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Bird Flu in Tacheng Highly Pathogenic for Geese and Chickens
June 10, 2005
>> On June 1, geese death was reported at a backyard farm 32 kilometers from the city proper of Tacheng. Three days later, the national bird flu reference laboratory confirmed the death to be caused by a deadly H5N1 strain of the bird flu virus. The number of geese infected totaled 1,042, 460 of which have died, Chen said.
The governments of Tacheng prefecture and Tacheng city have ordered all the poultry markets in Tacheng City to be closed down and had 17,014 birds slaughtered in the affected area, most of them chickens and geese. Roads to the affected area have been blocked and traffic has been closed. <<
The above dates, if accurate, would indicate the H5N1 bird flu in Tacheng is very pathogenic to chickens. In the OIE report dated June 8, the H5N1 was said to be highly pathogenic based on two assays. One assay sequences the HA cleavage site while the other involves injecting new virus into test chickens and observing the chickens for 10 days for signs of illness or death. The testing was done at the Harbin facility which is on the eastern side of China while Tacheng is a border town within a few miles of the west border share with Kazakhstan.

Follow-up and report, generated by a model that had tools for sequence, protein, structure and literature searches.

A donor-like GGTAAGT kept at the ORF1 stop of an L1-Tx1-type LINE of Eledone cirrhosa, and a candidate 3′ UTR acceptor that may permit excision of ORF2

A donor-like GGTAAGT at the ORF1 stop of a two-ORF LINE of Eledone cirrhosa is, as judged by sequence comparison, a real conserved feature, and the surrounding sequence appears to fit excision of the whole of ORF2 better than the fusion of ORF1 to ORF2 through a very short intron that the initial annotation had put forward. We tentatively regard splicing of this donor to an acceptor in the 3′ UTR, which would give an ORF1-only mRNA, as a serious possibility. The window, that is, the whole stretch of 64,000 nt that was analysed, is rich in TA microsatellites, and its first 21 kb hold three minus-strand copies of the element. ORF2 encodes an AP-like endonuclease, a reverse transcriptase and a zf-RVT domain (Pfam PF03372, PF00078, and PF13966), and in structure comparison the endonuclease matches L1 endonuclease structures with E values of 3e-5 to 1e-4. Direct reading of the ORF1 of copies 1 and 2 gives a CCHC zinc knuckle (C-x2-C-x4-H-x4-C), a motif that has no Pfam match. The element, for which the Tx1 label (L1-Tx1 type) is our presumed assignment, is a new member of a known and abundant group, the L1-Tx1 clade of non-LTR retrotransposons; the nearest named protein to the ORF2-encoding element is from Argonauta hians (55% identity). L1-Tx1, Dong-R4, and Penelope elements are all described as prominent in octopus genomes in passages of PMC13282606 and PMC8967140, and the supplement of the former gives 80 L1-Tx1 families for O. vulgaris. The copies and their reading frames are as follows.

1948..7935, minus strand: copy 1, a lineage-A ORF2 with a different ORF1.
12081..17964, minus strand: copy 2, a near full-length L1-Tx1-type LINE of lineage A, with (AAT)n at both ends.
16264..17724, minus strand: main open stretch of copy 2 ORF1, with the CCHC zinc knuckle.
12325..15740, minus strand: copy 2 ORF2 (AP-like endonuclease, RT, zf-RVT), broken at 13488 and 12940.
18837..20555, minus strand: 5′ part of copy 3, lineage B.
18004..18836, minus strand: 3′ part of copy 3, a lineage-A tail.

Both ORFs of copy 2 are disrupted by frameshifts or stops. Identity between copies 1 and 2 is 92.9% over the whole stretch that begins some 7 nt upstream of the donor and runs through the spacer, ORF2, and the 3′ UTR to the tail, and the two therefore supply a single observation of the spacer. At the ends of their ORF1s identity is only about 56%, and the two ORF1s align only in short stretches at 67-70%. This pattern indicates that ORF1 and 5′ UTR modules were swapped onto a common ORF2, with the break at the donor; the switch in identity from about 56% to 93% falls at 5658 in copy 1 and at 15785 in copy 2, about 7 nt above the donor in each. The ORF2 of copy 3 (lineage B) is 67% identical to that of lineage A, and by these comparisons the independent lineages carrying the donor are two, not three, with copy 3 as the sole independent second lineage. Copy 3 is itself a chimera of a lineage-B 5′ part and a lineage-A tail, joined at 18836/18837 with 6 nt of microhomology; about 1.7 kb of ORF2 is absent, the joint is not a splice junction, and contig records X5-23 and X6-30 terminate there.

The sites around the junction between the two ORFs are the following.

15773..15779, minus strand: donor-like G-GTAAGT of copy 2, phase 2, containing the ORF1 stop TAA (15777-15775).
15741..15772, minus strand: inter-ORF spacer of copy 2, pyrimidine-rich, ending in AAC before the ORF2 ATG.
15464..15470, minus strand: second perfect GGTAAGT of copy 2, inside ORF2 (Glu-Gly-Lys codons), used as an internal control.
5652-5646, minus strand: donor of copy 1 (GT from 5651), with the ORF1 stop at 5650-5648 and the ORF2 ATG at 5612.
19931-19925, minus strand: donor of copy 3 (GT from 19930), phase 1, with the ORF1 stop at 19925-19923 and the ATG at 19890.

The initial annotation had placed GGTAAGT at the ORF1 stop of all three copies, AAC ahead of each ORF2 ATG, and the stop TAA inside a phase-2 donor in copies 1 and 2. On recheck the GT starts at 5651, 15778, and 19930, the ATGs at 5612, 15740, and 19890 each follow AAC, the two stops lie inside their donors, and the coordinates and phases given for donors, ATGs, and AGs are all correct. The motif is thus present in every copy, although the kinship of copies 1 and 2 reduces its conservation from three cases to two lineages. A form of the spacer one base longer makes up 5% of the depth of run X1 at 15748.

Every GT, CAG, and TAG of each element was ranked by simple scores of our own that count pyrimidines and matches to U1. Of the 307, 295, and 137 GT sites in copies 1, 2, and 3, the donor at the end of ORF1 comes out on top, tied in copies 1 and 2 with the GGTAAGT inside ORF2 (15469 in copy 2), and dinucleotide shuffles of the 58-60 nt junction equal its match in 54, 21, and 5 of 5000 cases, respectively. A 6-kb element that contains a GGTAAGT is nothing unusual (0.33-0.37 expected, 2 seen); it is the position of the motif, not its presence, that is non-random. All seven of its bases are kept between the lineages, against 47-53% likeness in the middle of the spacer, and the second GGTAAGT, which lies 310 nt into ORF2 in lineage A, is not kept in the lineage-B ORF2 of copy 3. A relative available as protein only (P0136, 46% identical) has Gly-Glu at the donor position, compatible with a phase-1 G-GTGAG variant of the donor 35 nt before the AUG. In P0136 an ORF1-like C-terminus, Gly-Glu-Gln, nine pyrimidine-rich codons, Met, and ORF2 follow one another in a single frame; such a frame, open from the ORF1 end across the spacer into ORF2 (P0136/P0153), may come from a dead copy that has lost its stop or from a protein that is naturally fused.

To perform the 10 day test the samples would have to be collected in Tacheng, shipped to Harbin. Next the virus would be isolated from the bird samples and then grown in chicken eggs. Fluid from the eggs would then be tested to get a viral titer and then diluted to the appropriate concentration and injected into eight chickens. Those chickens would then be observed for 10 days.
Since the first reported goose death was June 1 based on the above report (the date of onset was left blank in the original report submitted to OIE), it would take several days to prepare the virus for the biological assay. Since the report was publicly available on June 8, the determination of lethality in chickens was made in less than the 10 day observation period (the report indicates it was completed June 7), indicating the H5N1 killed the chickens very quickly.
The geese also died quickly since almost half of the flock was infected and half of the infected birds had already died. The closing of poultry markets and the additional culling also suggests the H5N1 is quite lethal. The June 8 report indicated 13,457 birds had been culled, so an additional 3,557 birds have been culled.
H5N1 is usually not lethal in geese. China has now filed two OIE reports within the past 19 days detailing large die offs of migratory and domestic geese. These changes in H5N1 point to increased instability, which is driven by recombination between H5N1 genomes.
The gene pool is rapidly increasing in size and diversity, increasing the likelihood of a flu pandemic in the near term.